*Securities or investments, as applicable, are offered in the United States through GC Securities, a division of MMC Securities Corp., a US registered broker-dealer and member FINRA/NFA/SIPC. Main Office: 1166 Avenue of the Americas, New York, NY 10036. Phone: (212) 345-5000. Securities or investments, as applicable, are offered in the European Union by GC Securities, a division of MMC Securities (Europe) Ltd. (MMCSEL), which is authorized and regulated by the Financial Conduct Authority, main office 25 The North Colonnade, Canary Wharf, London E14 5HS. Reinsurance products are placed through qualified affiliates of Guy Carpenter & Company, LLC. MMC Securities Corp., MMC Securities (Europe) Ltd. and Guy Carpenter & Company, LLC are affiliates owned by Marsh & McLennan Companies. This communication is not intended as an offer to sell or a solicitation of any offer to buy any security, financial instrument, reinsurance or insurance product. **GC Analytics is a registered mark with the U.S. Patent and Trademark Office.
With the world rapidly changing and evolving, what was the case 10 years ago is not the case today and will not be 10 years from now. As discussed in detail in this report, A Clearer View of Emerging Risks, new technologies can impact people in their everyday lives through the products we use, how long we live, how much we spend to keep ourselves healthy and where our information is stored. All of these carry inherent risks that are new to the world and that may not be a part of the historical dataset upon which (re)insurers rely for pricing and/or establishing proper risk controls.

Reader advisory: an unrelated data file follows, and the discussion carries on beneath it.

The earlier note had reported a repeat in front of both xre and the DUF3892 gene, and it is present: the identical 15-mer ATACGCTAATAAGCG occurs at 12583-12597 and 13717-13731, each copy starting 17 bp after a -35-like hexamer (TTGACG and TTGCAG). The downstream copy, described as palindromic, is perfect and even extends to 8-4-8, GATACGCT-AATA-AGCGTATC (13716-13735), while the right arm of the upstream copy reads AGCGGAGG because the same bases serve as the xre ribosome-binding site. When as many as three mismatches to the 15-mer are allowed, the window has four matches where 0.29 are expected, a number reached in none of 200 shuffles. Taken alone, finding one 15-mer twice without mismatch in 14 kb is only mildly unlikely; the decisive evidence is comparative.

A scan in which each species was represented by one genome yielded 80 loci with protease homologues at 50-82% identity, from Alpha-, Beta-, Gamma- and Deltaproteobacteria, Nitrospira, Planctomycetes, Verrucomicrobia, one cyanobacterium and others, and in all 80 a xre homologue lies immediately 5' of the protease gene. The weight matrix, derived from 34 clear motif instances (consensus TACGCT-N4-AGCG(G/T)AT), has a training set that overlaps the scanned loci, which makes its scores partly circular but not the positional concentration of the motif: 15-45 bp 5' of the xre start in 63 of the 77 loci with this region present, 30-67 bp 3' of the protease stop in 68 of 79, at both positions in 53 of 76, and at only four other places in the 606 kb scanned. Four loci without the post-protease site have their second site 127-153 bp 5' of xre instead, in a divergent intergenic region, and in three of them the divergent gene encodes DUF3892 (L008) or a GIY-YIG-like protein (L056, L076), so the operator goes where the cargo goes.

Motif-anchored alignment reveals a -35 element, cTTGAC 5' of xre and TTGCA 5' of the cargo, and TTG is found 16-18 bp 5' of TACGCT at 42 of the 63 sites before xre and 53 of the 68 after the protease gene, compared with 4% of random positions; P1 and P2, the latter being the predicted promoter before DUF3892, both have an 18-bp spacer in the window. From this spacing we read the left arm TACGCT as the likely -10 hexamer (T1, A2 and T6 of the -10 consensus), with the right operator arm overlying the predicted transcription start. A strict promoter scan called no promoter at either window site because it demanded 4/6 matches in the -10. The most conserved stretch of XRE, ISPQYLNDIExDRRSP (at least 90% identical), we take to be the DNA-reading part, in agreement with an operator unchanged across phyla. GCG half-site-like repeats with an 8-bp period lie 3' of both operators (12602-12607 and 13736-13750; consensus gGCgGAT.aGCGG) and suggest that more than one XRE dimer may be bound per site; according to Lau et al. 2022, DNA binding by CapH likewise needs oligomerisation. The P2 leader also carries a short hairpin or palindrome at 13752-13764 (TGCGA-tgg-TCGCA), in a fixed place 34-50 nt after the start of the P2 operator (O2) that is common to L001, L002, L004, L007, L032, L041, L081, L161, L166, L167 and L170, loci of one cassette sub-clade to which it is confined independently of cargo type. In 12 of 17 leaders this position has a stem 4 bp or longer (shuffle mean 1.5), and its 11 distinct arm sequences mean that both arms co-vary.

Eva Zheng and Graham Jones
It is anticipated that the China Insurance Regulatory Commission (CIRC) will recognize cash deposits (including premiums withheld), letters of credit (LOC) and certain other forms of collateral. LOCs must be issued by domestic banks with a capital adequacy ratio of no less than 11 percent or by overseas financial institutions with credit ratings equal to or higher than AA-. Cedents will be required to report and re-value their counterparty risk on a quarterly basis and adjust collateral positions accordingly.
Eva Zheng and Graham Jones
China’s developing insurance market is a potential bright spot for growth in an otherwise challenging landscape for global reinsurers. Driven by a maturing economy and expected increases in household penetration ratios, property/casualty insurance premium, totaling USD 121.6 billion in 2014 (1), is projected to increase to roughly USD 300 billion by 2030 (2).
One purpose of enterprise risk management (ERM) is to help (re)insurers determine how much capital is needed to support the risks they assume (subject to risk tolerance). Instead of segmenting portfolios and handling each peril on a standalone basis, a robust ERM methodology would use a holistic approach to risk and capital management where threats are identified and monitored, all action plans are developed and risks are measured.